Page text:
Sci-fi movie promotes classic themes

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By Kirsten Laskey

Around the holidays sometimes the only thing you really want is escape the rush of the season by sitting in a dark movie theater and watching a film that is so packed with action and drama that it transports you to another world. “Avatar” certainly does the trick.

If you find yourself scanning the local movie listings this weekend, I strongly encourage you to choose “Avatar.” The movie jumps into a future where Earth is dying and in an attempt to save the planet, and make a large profit, a corporation invades another planet’s moon, Pandora, to mine a special rock that is key to Earth’s survival.

The problem is that the Pandora’s inhabitants, the Na’vi, are not accepting of humans invading and destroying their home. To manipulate the Na’vi’s approval for the mining operation, humans create Avatars, or Na’vi clones that humans project their minds and consciousness in to. An ex-Marine, Jake Scully (Sam Worthington), signs up to take part in the Avatar program. At first, Scully participates to earn the chance to regain use of his legs, which were paralyzed during his time in combat, but things get complicated as his relationship with a particular Na’vi tribe, especially with the tribe’s princess, Neytiri (Zoe Saldana), deepens.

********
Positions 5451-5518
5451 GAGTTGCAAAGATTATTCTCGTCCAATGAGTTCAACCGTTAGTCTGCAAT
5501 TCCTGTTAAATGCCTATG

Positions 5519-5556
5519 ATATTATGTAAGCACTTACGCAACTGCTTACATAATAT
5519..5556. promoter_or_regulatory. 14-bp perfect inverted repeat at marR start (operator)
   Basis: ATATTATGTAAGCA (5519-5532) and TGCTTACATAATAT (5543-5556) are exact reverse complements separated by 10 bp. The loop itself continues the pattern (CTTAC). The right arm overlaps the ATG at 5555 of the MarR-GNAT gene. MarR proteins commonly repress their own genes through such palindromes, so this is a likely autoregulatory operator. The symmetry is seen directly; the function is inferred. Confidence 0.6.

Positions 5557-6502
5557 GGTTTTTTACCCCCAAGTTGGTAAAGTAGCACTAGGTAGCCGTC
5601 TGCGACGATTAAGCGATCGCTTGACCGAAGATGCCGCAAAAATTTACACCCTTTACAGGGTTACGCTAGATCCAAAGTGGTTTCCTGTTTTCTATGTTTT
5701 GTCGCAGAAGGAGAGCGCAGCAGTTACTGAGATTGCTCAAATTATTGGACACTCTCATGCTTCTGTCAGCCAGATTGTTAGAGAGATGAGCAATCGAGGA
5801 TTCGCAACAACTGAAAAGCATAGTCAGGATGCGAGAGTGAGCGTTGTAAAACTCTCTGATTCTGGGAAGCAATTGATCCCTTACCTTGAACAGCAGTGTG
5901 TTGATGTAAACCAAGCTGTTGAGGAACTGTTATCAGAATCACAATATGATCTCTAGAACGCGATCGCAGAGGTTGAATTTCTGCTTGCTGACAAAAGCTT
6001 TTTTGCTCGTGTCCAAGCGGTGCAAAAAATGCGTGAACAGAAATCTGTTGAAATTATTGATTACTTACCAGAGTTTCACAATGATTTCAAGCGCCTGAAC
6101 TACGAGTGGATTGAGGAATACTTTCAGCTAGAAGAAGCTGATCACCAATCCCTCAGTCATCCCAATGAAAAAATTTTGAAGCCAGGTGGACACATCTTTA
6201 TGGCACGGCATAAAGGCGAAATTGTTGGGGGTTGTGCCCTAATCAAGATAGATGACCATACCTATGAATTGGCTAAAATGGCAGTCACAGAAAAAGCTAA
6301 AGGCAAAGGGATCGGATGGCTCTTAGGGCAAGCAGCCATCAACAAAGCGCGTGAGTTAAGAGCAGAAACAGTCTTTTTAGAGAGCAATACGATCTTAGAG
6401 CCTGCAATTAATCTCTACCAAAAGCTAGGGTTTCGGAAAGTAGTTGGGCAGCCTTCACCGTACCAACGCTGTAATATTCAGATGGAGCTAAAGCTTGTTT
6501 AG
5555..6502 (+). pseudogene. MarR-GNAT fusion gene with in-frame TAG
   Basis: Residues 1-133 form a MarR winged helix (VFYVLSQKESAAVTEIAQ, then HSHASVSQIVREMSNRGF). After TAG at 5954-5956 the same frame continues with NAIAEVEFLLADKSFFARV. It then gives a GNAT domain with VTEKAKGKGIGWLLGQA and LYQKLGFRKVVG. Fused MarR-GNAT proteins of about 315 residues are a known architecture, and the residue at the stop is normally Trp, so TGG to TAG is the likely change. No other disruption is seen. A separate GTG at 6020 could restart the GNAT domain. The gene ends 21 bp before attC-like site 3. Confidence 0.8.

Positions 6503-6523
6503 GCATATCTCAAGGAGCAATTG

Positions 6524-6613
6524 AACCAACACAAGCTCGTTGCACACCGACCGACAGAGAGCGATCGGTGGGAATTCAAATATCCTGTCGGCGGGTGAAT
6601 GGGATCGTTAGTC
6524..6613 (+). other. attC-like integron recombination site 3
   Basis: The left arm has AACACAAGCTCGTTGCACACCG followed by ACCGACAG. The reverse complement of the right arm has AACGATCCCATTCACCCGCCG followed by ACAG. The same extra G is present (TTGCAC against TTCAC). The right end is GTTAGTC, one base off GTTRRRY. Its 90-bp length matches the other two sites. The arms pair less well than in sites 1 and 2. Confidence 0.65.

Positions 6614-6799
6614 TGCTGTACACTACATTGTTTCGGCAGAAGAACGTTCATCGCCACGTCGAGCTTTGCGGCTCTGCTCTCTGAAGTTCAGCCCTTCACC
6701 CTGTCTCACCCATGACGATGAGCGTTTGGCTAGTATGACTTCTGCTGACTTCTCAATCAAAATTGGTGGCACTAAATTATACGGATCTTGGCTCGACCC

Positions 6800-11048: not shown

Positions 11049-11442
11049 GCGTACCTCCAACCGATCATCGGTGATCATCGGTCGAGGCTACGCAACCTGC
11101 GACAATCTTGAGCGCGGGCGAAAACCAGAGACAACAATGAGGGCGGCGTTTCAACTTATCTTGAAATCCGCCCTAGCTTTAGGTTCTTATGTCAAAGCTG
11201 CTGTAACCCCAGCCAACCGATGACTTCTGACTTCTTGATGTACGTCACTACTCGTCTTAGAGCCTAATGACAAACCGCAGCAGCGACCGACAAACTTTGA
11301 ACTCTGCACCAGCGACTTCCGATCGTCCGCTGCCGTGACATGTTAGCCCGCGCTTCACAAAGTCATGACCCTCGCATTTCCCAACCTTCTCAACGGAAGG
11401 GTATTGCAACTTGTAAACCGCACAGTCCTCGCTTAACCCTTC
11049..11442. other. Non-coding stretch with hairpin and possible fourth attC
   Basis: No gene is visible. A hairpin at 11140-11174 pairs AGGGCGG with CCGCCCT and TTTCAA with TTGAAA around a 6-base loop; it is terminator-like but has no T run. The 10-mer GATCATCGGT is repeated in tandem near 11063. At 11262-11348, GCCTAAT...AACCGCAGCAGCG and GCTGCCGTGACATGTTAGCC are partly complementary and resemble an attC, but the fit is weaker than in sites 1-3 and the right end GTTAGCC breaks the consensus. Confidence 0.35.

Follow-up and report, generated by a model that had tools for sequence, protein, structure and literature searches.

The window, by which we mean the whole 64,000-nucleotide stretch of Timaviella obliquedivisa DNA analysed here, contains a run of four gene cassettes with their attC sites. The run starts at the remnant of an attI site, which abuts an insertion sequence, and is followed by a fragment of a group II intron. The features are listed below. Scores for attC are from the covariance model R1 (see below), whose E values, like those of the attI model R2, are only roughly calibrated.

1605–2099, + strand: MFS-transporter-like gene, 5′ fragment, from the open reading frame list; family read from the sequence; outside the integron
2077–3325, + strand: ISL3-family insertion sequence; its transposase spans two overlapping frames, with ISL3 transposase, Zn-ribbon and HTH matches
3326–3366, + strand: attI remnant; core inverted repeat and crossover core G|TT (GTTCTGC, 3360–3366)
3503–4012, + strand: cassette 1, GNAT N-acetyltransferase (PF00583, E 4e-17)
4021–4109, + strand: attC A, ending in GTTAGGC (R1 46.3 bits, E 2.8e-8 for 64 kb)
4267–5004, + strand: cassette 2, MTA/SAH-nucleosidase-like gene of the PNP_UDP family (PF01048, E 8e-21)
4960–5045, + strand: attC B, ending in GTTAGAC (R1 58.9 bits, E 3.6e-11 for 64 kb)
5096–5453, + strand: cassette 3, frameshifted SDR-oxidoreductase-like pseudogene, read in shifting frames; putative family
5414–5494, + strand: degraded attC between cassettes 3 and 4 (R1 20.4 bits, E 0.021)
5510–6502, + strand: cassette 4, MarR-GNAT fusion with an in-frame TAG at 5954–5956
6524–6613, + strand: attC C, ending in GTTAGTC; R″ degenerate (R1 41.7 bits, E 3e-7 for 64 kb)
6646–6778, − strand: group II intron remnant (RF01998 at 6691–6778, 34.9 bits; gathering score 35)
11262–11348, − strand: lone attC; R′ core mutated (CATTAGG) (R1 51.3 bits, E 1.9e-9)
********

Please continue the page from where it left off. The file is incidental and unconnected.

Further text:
The movie proves that even in the future, where humans have the capability to travel light years away from their home planet, develop highly advanced weapons and gadgets, some fundamental things about humans never changed.

Our greed still compels us to do terrible things not only to the natural world but also to other living beings.

Yet, the other side of human nature, the courage we have to stand up and fight against all odds for what’s right also persists.

This isn’t just a sci-fi tale about the human condition it is also a love story. Scully’s and Neytiri’s love is a sweet one because it comes from two completely different species. They  overcome all their differences and exercise a lot of tolerance in the process. The movie’s greatness does not just lie within its story but also in its special effects. Pandora is like an alien Garden of Eden. It has a lush jungle landscape with plants and animals painted every color in a Crayola box.

The Na’vi are gorgeous, blue tiger stripped people with flowing braided hair that allows them to make an actual physical connection to the flora and fauna around them. It’s amazing how these computer generated people capture all the physical appearances of the actors who portray them.